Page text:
HEALING: A Fairy Tale — The Prodigal Daughter Returns by Connie May Fowler

STORY: A Fairy Tale — The Prodigal Daughter Returns by Connie May Fowler

From Circling Faith

She had been drawn to the little sea shack nestled betwixt water and sky with the simple purity of a turtle whose true north is a singular spot of sand on an empty beach.  She was happy there.  The details of her life – errands into town, cleaning the house, writing her books – were timed in conjunction with the comings and goings of the Gulf because she loved to wander the beach at low tide and marvel over treasures the sea had momentarily left behind.  On this sandbar she called home, she felt in touch with the Goddess-spirit, with the eternal circle she viewed as sacred (life feeds death; death feeds life).  Troubles seemed less ponderous and joy less threatening in the presence of nature’s rhythms.

But even the beauty and steady honesty of this place could not save her in the aftermath of that soul-wrecking divorce.  The absolute anguish she felt over the slow death of her marriage and the venomous tentacles that grew from its corpse forced her into a dark and hopeless internal landscape.  Physical proximity to the sea could not assuage the wasteland her heart and its attendant need for well-being suddenly occupied.  Old friends could not help.  Family could not help.  Possible lovers could not help.  No one could help.  The past and its malignant vestiges poisoned the present, infected the future.  With her spirit in exile, she acted on what she viewed as her only reasonable option: she fled.  She ran inland, not unlike Nick in Remembering Blue, and immersed herself in the task of becoming whole again, cell-by-cell, moment-by-moment, blind-eye-by-blind-eye.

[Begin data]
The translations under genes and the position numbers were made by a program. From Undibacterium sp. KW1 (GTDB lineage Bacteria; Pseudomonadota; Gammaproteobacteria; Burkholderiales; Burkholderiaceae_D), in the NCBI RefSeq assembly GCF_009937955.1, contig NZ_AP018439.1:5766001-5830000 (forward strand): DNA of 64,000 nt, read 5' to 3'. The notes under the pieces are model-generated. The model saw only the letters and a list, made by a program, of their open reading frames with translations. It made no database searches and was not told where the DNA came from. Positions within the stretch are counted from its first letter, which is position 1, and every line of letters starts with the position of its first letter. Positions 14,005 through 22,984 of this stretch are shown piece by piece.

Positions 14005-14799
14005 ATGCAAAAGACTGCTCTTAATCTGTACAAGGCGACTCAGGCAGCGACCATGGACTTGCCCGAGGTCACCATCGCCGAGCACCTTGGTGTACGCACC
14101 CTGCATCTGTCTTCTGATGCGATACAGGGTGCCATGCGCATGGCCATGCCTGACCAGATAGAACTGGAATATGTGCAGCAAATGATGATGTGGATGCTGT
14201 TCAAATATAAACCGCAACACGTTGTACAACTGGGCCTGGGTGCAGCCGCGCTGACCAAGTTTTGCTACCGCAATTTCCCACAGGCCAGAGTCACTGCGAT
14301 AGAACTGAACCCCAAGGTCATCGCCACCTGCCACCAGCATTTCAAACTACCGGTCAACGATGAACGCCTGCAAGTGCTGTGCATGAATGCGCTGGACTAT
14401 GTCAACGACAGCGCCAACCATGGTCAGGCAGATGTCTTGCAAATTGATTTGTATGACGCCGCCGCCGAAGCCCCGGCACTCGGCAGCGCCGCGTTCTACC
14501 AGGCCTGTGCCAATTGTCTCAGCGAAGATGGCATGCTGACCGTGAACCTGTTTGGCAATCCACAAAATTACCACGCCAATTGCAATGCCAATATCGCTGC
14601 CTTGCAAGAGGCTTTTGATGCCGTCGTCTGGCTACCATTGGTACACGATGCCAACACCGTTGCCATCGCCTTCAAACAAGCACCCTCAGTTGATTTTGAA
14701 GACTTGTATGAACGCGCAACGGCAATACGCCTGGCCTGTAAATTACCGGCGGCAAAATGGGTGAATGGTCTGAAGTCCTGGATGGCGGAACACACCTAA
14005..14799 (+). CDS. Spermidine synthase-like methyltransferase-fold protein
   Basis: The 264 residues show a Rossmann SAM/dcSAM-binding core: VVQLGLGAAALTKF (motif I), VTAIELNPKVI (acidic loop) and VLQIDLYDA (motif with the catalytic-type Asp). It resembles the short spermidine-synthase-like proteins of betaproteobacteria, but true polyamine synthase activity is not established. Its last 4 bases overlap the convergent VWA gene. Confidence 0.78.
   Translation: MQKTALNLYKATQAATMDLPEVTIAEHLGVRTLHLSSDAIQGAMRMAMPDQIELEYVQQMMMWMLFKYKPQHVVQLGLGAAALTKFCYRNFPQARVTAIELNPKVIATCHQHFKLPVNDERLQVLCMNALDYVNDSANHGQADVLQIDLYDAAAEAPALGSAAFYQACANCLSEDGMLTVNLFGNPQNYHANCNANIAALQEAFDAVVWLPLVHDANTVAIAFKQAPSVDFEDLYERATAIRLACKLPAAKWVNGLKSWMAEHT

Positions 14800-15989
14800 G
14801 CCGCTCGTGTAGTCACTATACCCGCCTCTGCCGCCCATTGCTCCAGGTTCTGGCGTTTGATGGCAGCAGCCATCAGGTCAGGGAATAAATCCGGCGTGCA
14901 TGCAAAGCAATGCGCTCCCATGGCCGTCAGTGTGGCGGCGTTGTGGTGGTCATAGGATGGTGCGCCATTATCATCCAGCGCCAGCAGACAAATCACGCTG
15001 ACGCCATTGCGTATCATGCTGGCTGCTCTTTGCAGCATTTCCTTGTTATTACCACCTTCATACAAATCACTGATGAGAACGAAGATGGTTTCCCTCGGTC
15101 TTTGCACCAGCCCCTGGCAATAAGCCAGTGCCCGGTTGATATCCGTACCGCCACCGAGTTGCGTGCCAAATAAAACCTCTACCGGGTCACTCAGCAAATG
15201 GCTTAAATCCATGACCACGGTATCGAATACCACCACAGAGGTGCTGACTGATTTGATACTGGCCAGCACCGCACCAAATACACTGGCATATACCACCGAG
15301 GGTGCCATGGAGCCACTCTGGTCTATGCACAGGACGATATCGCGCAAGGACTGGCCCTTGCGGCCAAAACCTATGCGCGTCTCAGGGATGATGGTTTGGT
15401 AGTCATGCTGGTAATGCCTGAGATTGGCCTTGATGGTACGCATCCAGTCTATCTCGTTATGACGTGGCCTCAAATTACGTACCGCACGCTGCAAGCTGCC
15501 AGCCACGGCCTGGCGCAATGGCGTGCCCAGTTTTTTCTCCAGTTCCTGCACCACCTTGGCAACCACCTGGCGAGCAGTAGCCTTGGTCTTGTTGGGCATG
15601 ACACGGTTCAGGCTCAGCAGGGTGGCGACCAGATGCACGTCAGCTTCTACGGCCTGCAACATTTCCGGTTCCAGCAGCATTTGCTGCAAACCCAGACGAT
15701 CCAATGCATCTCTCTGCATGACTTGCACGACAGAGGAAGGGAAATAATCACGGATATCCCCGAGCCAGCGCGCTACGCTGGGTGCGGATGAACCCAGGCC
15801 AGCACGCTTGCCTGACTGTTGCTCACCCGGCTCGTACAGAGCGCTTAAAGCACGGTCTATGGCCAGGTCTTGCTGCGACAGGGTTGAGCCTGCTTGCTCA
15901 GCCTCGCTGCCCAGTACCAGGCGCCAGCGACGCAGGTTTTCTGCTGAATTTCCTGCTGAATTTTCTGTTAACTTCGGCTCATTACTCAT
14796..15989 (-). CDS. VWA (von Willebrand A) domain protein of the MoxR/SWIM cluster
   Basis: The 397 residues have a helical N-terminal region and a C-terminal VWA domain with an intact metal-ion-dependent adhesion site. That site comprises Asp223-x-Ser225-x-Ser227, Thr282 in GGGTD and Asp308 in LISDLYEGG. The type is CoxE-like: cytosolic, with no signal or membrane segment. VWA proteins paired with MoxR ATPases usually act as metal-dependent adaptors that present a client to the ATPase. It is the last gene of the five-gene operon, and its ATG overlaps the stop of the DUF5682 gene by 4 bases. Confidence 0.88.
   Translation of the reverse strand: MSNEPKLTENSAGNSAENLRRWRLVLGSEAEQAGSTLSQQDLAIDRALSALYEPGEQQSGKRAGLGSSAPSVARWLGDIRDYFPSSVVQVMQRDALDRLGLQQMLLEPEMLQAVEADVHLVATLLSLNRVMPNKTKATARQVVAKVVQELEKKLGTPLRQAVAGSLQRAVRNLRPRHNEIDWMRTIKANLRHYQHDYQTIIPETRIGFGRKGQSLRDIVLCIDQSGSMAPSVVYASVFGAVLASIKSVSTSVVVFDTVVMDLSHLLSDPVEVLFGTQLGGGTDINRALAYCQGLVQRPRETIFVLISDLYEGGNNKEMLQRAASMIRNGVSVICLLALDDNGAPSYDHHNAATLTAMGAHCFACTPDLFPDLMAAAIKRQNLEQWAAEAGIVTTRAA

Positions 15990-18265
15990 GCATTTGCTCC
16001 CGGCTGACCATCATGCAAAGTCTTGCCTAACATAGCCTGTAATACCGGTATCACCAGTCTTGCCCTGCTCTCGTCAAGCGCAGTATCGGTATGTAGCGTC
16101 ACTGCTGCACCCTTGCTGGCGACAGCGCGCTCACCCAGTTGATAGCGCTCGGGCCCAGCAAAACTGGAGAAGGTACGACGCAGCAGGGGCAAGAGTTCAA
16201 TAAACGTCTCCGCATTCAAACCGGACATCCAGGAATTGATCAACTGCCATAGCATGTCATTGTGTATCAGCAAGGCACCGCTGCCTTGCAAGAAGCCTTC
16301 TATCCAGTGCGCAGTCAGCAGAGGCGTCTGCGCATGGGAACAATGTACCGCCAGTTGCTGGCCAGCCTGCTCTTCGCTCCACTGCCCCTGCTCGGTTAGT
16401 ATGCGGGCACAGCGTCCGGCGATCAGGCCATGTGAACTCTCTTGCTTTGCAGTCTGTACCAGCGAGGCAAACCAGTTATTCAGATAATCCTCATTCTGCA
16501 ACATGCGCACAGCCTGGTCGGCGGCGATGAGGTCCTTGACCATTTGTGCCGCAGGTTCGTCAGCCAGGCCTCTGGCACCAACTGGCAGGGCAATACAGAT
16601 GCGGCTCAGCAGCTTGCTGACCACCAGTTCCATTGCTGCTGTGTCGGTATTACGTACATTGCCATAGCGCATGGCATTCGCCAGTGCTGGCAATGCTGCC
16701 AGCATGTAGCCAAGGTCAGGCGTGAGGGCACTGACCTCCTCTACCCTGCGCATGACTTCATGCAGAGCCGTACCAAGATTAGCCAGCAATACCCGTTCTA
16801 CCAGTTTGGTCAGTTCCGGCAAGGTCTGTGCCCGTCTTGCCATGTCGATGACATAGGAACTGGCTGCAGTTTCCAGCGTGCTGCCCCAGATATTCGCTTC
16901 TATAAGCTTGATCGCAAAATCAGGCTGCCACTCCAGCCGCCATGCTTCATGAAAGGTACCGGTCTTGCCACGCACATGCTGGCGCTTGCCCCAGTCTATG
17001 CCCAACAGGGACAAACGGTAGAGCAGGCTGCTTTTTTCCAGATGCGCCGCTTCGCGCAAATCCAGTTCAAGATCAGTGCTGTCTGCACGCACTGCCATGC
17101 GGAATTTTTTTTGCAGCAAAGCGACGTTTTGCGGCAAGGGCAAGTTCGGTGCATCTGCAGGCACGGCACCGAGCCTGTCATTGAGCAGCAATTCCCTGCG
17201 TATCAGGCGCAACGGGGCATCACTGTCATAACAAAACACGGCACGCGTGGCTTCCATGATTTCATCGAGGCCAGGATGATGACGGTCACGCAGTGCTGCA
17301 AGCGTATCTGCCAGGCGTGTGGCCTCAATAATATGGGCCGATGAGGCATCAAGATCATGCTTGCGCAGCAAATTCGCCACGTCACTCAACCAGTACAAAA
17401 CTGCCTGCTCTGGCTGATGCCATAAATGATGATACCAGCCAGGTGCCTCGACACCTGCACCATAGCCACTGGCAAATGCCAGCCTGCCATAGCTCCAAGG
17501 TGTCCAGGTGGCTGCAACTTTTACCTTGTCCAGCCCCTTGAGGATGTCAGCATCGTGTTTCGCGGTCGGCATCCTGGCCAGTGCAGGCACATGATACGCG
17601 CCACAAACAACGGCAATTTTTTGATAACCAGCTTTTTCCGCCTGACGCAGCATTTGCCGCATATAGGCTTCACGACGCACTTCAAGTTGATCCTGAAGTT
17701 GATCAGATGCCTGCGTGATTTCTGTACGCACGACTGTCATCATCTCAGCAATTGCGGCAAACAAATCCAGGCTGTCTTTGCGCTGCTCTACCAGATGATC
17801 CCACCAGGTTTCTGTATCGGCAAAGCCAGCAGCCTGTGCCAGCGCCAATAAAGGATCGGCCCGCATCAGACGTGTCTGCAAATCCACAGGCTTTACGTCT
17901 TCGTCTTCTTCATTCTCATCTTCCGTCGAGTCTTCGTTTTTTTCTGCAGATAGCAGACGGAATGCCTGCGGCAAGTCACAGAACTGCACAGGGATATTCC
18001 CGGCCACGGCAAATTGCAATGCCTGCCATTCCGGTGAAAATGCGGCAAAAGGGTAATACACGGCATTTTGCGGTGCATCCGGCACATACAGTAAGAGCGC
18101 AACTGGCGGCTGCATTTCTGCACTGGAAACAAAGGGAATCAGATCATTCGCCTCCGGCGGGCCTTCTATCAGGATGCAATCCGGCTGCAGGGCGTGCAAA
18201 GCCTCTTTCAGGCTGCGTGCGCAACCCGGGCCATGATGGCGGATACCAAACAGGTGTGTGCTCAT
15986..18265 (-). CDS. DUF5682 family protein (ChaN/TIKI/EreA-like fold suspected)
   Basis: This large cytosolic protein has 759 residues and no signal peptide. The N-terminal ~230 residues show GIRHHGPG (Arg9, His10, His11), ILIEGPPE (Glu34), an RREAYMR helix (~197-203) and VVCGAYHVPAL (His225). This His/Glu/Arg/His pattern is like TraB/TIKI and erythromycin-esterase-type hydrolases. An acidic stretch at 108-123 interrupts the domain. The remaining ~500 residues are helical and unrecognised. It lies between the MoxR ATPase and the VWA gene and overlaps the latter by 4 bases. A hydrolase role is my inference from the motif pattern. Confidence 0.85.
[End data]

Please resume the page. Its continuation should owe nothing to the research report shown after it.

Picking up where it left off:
She decided to teach.  It was a good thing, this teaching life.  She met eager and brilliant young people, their hearts still untainted.  They reminded her, in all their innocent vigor, that hope was still present in the lives of many people.  She met women who understood the ways of a brokenhearted sister and they quietly walked with her down paths she was fearful to travel alone.

But there were villains afoot all along this path, and her sisters could not always protect her.  Predators smell wounded prey and, as is sometimes the way with life, she arrived in this place far from the sea deeply, deeply wounded.  Nonetheless, for a few years, she managed to outwit the villains, but the odds in this urban land of red tooth and claw were stacked against her.  She did not heal fast enough.  Her wounds and her naiveté were too entrenched, too obvious.

In the early hours of a late summer day as she slept, someone she knew broke into her home and attacked her, body and soul.  The police, the counselors, the victim advocate, the state attorney sang in unison, as if a Greek chorus, “Yes, it’s almost always someone you know.”

All the work she had done over all the years to recover from her past (battered children grow into adults who are wracked with self-revulsion and doubt) was undone when her attacker, by word and deed, stripped her of her dignity by violating her bone-by-bone.

Her undoing had just begun.  Someone who considered himself a leader among men, a real shaker and maker, a mouthpiece who had loudly proclaimed throughout this landlocked place that he was her staunchest ally, turned out to own a jagged heart made of thistle and stone.  In the wake of the attack, when she was at her lowest ebb, he – just for the sport of it – shouted to all who would listen that she had asked for it, that she was lying, that she was unstable, ungrateful, unfit because women who claim they have been assaulted are nothing more than little Eves: beautiful, dangerous, apple-loving liars.

Once more, she found herself relegated to a lightless place, standing dumbly, taking sucker punch after sucker punch, no one hearing her howls for help; she had forgotten that sometimes the only person who can help you is yourself.  But she did acquire a stubborn question: How does a person live peaceably with himself when his greatest pleasure is to pummel a woman after she is down?